On December 8, 1805, the expedition members began to build a
fort. By Christmas Eve they were under shelter. They named the fort for the
friendly local Indian tribe, the Clatsops. The members of the Lewis
and Clark expedition remained at
Fort Clatsop until March 23, 1806.
Life at the fort was far from pleasant. It rained every day but 12 of
the 106 days at the Fort. Perhaps the most important activity
undertaken during their winter here was the reworking of the journals by the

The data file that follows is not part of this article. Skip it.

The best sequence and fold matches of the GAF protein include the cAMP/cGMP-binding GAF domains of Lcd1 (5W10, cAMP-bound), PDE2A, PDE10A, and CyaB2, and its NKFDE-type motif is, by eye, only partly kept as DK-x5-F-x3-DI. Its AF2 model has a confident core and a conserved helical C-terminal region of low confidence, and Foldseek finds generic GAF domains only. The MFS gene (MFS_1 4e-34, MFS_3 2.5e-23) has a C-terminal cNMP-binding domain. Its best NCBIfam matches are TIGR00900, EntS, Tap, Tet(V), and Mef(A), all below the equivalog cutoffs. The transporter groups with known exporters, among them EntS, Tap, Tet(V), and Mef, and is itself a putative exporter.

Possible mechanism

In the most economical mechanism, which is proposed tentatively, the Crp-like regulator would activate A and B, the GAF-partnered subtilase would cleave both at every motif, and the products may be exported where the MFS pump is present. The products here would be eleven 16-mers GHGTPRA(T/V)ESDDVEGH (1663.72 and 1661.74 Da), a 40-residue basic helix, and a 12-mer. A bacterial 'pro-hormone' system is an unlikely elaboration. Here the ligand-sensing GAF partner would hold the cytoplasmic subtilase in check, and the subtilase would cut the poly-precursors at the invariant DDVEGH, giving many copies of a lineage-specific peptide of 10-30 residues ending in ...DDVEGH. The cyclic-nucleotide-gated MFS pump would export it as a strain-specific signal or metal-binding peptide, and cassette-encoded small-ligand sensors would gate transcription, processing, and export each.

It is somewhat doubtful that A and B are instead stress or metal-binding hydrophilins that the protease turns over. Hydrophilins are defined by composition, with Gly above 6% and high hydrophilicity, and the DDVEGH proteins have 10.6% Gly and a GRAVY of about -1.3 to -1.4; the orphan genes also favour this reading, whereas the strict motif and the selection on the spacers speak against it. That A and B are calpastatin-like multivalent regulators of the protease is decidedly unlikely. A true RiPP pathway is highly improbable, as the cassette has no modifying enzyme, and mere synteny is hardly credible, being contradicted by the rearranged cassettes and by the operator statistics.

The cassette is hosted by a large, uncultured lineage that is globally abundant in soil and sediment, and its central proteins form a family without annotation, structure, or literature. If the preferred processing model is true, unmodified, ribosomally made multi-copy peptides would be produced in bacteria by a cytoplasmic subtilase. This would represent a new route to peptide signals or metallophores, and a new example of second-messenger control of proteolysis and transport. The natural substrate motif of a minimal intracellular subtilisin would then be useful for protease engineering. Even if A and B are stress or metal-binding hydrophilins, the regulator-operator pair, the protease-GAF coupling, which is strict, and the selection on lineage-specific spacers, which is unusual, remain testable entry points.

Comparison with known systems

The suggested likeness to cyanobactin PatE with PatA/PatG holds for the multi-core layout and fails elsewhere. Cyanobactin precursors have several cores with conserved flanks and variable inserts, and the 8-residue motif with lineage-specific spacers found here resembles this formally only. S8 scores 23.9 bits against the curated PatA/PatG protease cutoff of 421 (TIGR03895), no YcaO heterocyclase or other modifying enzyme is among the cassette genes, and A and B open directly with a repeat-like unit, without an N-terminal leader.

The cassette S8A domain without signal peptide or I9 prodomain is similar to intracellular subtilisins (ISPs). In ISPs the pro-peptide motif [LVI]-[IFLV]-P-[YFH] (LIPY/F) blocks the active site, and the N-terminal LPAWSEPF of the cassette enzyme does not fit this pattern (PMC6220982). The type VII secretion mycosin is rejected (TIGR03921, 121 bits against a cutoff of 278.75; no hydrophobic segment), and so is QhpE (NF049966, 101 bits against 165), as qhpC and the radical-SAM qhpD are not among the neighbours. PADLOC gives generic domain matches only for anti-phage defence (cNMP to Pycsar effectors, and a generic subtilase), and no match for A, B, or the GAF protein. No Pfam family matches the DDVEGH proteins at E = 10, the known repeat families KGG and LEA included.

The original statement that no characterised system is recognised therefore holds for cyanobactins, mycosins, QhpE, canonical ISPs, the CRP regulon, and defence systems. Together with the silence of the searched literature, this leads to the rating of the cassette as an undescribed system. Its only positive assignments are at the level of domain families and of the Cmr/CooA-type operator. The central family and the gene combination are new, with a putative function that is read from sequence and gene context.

leaders, and the preparation of organized accounts of the scientific data
gathered during the journey.
Here also, Clark prepared many of the
maps which were among the most significant contributions of the
Inside the Visitor Center is a life-size bronze statue,
Stanley Wanlass, features Lewis with arms spread, a
Clatsop Indian showing Clark a flounder, Clark with
sketching the fish, and Seaman looking on. This statue was commissioned
for the 175th L&C anniversary.